Kristen Eichensehr

  • Martha Lubin Karsh and Bruce A. Karsh Bicentennial Professor of Law
  • Director, National Security Law Center
Kristen Eichensehr writes and teaches about cybersecurity, foreign relations, international law and national security law. She has written articles on, among other things, the attribution of state-sponsored cyberattacks, the important roles that private parties play in cybersecurity, the constitutional allocation of powers between the president and Congress in foreign relations, and the role of foreign sovereign amici in the Supreme Court. She received the 2018 Mike Lewis Prize for National Security Law Scholarship for her article, “Courts, Congress, and the Conduct of Foreign Relations,” published in the University of Chicago Law Review. In 2021 she became director of UVA Law’s National Security Law Center.
 
Eichensehr clerked for Justices Sandra Day O’Connor and Sonia Sotomayor of the Supreme Court of the United States and for Judge Merrick B. Garland of the U.S. Court of Appeals for the D.C. Circuit. She also served as special assistant to the legal adviser of the U.S. Department of State and practiced at Covington & Burling in Washington, D.C., where she specialized in appellate litigation and international and national security law, including cybersecurity issues. 
 
Eichensehr received her J.D. from Yale Law School, where she served as executive editor of the Yale Law Journal and articles editor of the Yale Journal of International Law. She holds an A.B. in government from Harvard University and an M.Phil. in international relations from the University of Cambridge.
 
Eichensehr is the editor of the American Journal of International Law section on Contemporary Practice of the United States Relating to International Law and a member of the editorial boards of the national security blog Just Security, and of the Journal of National Security Law & Policy. She is a member of the National Academies of Sciences, Engineering & Medicine Forum on Cyber Resilience, an affiliate at the Stanford Center for International Security and Cooperation, and an affiliate scholar at the Center for Internet and Society at Stanford Law School.
 

Education

  • J.D.
    Yale Law School
    2008
  • M.Phil.
    University of Cambridge
    2005
  • A.B.
    Harvard University
    2004

“Cyberattack Attribution as Empowerment and Constraint,” Hoover Institution Aegis Paper Series No. 2101 (2021).
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“Contemporary Practice of the United States Relating to International Law,”  115 Am. J. Int'l L. __ (2021).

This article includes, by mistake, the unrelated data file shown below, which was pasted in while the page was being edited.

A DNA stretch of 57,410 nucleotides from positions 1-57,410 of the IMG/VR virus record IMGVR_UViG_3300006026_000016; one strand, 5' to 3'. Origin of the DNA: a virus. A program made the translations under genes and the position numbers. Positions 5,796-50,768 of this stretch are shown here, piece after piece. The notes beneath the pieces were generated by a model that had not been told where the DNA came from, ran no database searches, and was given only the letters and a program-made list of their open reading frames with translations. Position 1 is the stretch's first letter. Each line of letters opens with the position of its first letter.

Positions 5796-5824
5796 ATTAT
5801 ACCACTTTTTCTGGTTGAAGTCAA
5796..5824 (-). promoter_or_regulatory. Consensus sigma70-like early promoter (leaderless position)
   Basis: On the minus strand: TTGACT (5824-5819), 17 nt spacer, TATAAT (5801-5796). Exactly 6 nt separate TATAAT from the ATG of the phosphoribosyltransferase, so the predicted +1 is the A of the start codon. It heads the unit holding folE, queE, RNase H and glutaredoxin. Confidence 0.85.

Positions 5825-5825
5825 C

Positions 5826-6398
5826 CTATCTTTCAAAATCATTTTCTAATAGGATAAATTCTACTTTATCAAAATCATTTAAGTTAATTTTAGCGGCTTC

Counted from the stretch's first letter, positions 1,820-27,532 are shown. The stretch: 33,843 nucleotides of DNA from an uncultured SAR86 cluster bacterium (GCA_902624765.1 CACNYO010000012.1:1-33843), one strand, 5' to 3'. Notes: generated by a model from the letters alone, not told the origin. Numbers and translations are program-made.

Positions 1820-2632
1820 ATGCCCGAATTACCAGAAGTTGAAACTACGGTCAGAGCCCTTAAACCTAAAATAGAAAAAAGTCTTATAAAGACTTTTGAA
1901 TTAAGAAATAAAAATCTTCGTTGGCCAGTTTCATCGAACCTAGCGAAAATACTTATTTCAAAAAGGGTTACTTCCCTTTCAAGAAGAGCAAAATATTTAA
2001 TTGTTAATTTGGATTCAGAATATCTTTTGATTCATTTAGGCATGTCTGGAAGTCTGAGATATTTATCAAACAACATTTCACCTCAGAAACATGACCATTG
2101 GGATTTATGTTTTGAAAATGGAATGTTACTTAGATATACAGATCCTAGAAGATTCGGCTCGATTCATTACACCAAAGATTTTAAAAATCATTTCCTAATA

Issues

“The Youngstown Canon: Vetoed Bills and the Separation of Powers,” 70 Duke L.J. 1245 (2021).
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“The Law & Politics of Cyberattack Attribution,” 67 UCLA L. Rev. 520 (2020).
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“Digital Switzerlands,” 167 U. Penn. L. Rev. 665 (2019).
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“Decentralized Cyberattack Attribution,” 113 Am. J. Int'l L. Unbound 213 (2019).
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“International Decision, Animal Science Products, Inc. v. Hebei Welcome Pharmaceutical Co. Ltd., No. 16-1220 (U.S. 2018),” 112 Am. J. Int'l L. 116 (2019). 
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”Courts, Congress, and the Conduct of Foreign Relations,” 85 U. Chi. L. Rev. 609 (2018).
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“Data Extraterritoriality,” 95 Tex. L. Rev. See Also 145 (2017).
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“Public-Private Cybersecurity,” 95 Tex. L. Rev. 467 (2017).
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“Giving Up on Cybersecurity,” 64 UCLA L. Rev. Discourse 320 (2016). 
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“Foreign Sovereigns as Friends of the Court,” 102 Va. L. Rev. 289 (2016).
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“The Cyber-Law of Nations,” 103 Geo. L.J. 317 (2015).
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“Cyberwar and International Law Step Zero,” 50 Tex. Int'l L.J. 357 (2015). (Invited symposium contribution.)
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“Review of ‘The Tallinn Manual on the International Law Applicable to Cyber Warfare’” (Michael N. Schmitt ed., 2013), 108 Am. J. Int'l L. 585 (2014). 
Article

“Treaty Termination and the Separation of Powers,” 53 Va. J. Int'l L. 247 (2013). 
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“Treason in the Age of Terrorism: An Explanation and Evaluation of Treason’s Return in Democratic States,” 42 Vand. J. Transnat'l L. 1443 (2009).
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Stopping Wars and Making Peace: Studies in International Intervention (ed. with W. Michael Reisman) (Brill, 2009).

Note, “Defending Nationals Abroad: Assessing the Lawfulness of Forcible Hostage Rescues,” 48 Va. J. Int'l L. 451 (2008).
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Comment, “On Target? The Israeli Supreme Court and the Expansion of Targeted Killings,” 116 Yale L.J. 1873 (2007).
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“Treason’s Return,” 116 Yale L.J. Pocket Part 229 (2007). 
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Note, “Targeting Tehran: Assessing the Lawfulness of Preemptive Strikes Against Nuclear Facilities,” 11 UCLA J. Int'l L. & Foreign Aff. 59 (2007).
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Current Courses

All Courses

Cybersecurity Law & Policy
Contemporary Practice of the United States Relating to International Law
Foreign Relations Law
Legislation & Regulation

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